Daughtry keeps returning home

Musicians Robin Diaz, Brian Craddock, Josh Steely, Chris

Musicians Robin Diaz, Brian Craddock, Josh Steely, Chris Daughtry and Josh Paul of Daughtry arrive at the American Music Awards in Los Angeles. (Nov. 20, 2011) (Credit: Getty Images)

Daughtry is like a pop-rock homing pigeon.

Wherever Chris Daughtry and friends start out in the songs from "Break the Spell" (19/RCA) either musically or lyrically, they eventually end up in their same dramatic sweet spot, with raised voices and power chords. Every time.

It's not a bad formula, and it has its moments, like the wrenching sing-along single "Crawling Back to You" and "Louder Than Ever," the super-shiny throwback to '80s Bon Jovi and Loverboy. But it all blends together after a while, whether they approach it from the revved-up Aerosmith-influenced opening of "Renegade" or the weird "Spaceship," which seems to share a similar melody to the theme from "Growing Pains."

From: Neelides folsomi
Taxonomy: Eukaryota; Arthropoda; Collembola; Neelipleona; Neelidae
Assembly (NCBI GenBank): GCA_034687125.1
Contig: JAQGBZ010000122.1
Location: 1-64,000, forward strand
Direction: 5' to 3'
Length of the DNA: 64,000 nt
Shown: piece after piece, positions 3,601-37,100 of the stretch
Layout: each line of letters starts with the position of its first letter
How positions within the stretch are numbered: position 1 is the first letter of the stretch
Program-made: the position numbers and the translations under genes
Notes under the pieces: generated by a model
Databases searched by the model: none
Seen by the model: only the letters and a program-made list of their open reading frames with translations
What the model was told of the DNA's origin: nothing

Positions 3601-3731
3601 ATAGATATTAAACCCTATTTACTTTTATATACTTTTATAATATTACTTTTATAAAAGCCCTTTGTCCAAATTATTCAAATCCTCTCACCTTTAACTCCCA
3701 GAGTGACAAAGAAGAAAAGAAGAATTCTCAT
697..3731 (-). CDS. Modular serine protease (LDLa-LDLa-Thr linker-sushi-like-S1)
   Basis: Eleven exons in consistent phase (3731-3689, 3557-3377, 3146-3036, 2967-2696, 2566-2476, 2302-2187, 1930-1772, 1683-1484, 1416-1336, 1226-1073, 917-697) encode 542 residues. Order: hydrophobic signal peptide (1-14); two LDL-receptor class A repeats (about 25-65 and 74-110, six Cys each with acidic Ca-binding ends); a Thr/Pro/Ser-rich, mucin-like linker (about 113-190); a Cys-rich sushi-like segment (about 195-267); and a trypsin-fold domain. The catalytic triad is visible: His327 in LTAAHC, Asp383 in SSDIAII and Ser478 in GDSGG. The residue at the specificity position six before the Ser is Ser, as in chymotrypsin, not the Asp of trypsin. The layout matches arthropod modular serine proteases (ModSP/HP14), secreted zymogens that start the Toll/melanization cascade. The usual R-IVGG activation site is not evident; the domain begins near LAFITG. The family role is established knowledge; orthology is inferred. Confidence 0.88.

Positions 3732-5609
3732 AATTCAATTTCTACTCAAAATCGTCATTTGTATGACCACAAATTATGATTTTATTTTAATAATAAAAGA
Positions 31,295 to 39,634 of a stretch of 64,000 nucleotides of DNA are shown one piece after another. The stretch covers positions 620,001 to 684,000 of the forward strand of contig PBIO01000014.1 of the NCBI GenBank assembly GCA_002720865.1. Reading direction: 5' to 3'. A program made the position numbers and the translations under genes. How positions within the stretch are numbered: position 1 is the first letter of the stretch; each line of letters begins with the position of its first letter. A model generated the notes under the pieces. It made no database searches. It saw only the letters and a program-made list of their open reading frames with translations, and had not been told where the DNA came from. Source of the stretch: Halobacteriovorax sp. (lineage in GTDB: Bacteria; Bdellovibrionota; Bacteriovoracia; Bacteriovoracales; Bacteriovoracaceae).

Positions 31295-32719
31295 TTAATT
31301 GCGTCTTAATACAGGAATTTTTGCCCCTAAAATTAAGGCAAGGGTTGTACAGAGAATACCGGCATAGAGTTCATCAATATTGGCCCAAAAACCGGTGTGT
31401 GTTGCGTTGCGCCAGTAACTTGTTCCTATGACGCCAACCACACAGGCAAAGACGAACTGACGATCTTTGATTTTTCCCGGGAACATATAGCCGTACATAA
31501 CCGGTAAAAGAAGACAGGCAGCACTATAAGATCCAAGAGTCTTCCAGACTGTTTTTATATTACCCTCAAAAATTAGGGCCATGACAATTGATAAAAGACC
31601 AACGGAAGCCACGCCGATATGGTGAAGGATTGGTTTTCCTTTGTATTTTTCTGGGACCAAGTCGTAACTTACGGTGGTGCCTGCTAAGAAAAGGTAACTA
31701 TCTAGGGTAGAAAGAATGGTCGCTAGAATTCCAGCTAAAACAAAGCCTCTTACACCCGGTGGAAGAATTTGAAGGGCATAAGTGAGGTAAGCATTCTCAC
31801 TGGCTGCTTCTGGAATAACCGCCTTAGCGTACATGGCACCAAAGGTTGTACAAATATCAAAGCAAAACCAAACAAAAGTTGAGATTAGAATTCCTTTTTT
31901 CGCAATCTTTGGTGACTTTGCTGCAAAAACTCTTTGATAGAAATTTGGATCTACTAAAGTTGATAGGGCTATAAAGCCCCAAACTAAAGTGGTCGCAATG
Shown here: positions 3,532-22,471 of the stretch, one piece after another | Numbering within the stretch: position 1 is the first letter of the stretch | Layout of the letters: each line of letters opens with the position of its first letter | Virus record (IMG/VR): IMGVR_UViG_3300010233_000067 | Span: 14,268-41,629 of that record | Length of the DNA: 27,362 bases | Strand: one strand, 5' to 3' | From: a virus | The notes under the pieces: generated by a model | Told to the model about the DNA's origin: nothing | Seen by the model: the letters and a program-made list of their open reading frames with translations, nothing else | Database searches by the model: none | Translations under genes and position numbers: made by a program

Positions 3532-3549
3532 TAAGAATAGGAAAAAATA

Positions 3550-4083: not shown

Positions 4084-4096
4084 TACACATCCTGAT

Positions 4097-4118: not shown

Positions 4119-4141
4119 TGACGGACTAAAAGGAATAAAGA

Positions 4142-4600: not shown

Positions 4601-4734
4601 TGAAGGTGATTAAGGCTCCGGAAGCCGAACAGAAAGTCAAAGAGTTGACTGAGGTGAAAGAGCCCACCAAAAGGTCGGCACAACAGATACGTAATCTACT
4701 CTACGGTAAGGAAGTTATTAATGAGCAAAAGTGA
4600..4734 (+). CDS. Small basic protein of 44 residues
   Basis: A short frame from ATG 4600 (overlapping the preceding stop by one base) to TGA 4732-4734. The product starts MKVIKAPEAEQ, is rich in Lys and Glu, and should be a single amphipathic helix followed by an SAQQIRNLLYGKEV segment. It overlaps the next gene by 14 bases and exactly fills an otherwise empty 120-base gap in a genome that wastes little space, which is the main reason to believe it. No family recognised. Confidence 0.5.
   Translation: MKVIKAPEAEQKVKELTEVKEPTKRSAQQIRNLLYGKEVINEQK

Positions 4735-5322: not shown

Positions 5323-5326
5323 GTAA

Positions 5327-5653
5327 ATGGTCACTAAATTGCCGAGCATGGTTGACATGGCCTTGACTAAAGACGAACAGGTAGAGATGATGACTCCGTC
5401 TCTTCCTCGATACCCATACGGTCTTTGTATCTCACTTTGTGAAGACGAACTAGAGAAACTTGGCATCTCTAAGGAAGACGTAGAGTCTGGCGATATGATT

On Daughtry's previous albums, there were standout songs where they tried something different, with mixed results. For "Break the Spell," the sense of adventure is gone, leaving us with adequate, sorta-likable facsimiles of "Home" or "Feels Like Tonight" that are redundant from the start.

 

DAUGHTRY

 

"Break the Spell"

THE GRADE B-

BOTTOM LINE Cautious, predictable radio-friendly rock

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